Out of This World: An Oral History of ALFLocation: Walmart Supercenter, Fredericton, New Brunswick, Canada. Date: December 1. Victim: Stock room employee Robert Waller.
Injuries: A broken rib, pulled hamstring, and concussion. Cause of emergency room admission: Tickle Me Elmo. The 2. 7- year- old stock clerk had been working the overnight shift during the holiday rush when he was spotted holding the giggling, vibrating toy by a crowd of frantic shoppers. Hospitalizations Related To Pressure Ulcers Among Adults. The ensuing melee left him looking like he had just been in a minor car accident. Someone had even torn the crotch from his jeans. The last thing he saw was a white Adidas sneaker kicking him in the face before he lost consciousness. All across North America, shoppers and retail workers alike were reduced to their primal instincts in an effort to obtain Tyco’s must- have toy of the holiday season.
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Tickle Me Elmo combined the appeal of Sesame Street’s breakout character—a three- and- a- half year old monster with charmingly clipped speech—with a novel design that allowed him to be “tickled” until he was practically out of breath. It was impossibly adorable, and impossible to get: Tyco, which was anticipating a modest success, found themselves chartering private jets in order to get inventory from China more quickly; John Gotti Jr.
Elmo pick- up at a Queens Toys "R" Us; bomb threats were called in to Tyco; one Elmo disappeared from a New York City police station; a toy designer carrying parts through airports was suspected of being the Unabomber. With Hasbro re- releasing the toy for a new generation of kids this winter, we assembled the inventors, designers, marketers, and industry insiders who helped make Tickle Me Elmo one of the biggest success stories in the history of playthings to talk about how the furry red monster became a pop culture phenomenon—one that parents would literally step all over someone to get. I: TICKLISHTickles the Chimp. Courtesy of the Strong, Rochester, NYWith an interest in art and a degree in clinical psychology, Ron Dubren had been making board games and toys for 1. A mutual friend had introduced him to the late Stan Clutton, who held inventor liaison positions with a number of companies. Clutton was always willing to listen to Dubren’s ideas, but had rarely said anything other than "no." That’s not unusual in the toy business, but it was still gratifying when Dubren—who had only had modest success with games like Babble On—finally heard Clutton say “yes” to a prototype he made: a chuckling primate named Tickles the Chimp.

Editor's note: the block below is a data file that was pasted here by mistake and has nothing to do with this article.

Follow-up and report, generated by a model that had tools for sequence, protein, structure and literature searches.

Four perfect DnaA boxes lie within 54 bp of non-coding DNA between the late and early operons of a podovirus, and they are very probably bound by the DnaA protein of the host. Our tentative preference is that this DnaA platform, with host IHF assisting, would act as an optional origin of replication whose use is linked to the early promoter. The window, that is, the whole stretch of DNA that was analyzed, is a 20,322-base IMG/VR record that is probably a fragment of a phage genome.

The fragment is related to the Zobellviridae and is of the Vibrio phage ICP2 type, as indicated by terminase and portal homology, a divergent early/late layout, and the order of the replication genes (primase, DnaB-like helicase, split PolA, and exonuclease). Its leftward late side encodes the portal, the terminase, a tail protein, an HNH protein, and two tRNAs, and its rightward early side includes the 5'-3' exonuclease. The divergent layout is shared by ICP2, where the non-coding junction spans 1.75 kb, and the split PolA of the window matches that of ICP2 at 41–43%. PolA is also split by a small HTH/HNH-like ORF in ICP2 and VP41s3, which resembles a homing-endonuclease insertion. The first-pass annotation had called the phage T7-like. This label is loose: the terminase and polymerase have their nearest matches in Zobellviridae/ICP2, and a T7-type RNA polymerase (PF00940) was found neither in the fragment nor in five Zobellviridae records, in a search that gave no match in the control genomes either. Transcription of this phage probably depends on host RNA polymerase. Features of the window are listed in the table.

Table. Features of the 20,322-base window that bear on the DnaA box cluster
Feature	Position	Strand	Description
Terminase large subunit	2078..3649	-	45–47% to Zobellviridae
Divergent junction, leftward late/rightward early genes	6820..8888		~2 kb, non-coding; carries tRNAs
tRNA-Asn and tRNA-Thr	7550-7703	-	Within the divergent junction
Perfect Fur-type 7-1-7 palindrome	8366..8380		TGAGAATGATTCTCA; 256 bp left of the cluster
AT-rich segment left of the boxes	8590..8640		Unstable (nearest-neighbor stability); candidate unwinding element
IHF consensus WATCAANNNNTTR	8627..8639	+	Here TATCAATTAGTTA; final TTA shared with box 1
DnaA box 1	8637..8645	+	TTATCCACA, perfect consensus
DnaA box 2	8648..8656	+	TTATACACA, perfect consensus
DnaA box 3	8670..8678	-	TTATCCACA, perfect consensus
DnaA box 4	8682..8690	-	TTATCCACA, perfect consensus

Ron Dubren (Co- inventor): I had been in the park one day watching a bunch of kids tickling each other. It brought back childhood memories—how much I loved tickling or being tickled. There was usually a kind of build- up of this laughing jag until you just finally lose it. I thought that would make a great toy.
Patricia Hogan (Curator, The Strong National Museum of Play): There was some precedent for putting electronics into a plush- type toy. There was Teddy Ruxpin, who had a cassette recorder in his torso. He read the story to kids like a sort of surrogate librarian. Dubren: I can’t tell you why I used a chimp. I somehow associated chimps with laughter, or maybe I saw J.
Fred Muggs on the Today show when I was a kid. I don’t know. Mark Johnson- Williams (Electronics Designer): I had been doing design for Tyco for years. There had been talking dolls since you could pull a string. What made this different was the right sound and right personality. Dubren: Sound was becoming inexpensive for toys at that point. We were getting into sound chips. It was too expensive to make one, so the prototype had a cable connected to a computer.
Johnson- Williams: Later on, I basically wrote the program for the circuit board that tells the motor what to do. I had done a talking Cabbage Patch Kid. Dubren: I called up [co- inventor] Greg Hyman, who was a sound engineer and had recently lost his business partner. Jason Behr And Katherine Heigl Dating. The original idea was a chimp that tickled you, but it wasn’t feasible.
Greg and I worked on developing a prototype to show around. We were turned down by 1. Dubren, who refers to the toy business as “the failure business,” wasn’t dissuaded. He finally came around to Clutton, who was working as vice president of marketing at Tyco’s Preschool division, in 1.
Dubren: We showed it to Stan, and his immediate reaction was, “This would be great as an Elmo, but we don’t have the rights.”Janice Yates (former Associate Vice President of Marketing and Development, Tyco Preschool): We had the plastic rights. Hasbro had the plush rights. Dubren: The meeting lasted about 1. Stan referred me to another guy at Tyco, Gene Murtha. He knew that side of the company had the rights to Looney Tunes. I met Gene that day.
Gene Murtha (former Vice President of Marketing, Tyco): I instantly liked what he had. It was kind of reminiscent of Curious George. Dubren: He looks at it and says, “This would be a great Tickle Me Taz.”What remains of Tickle Me Taz.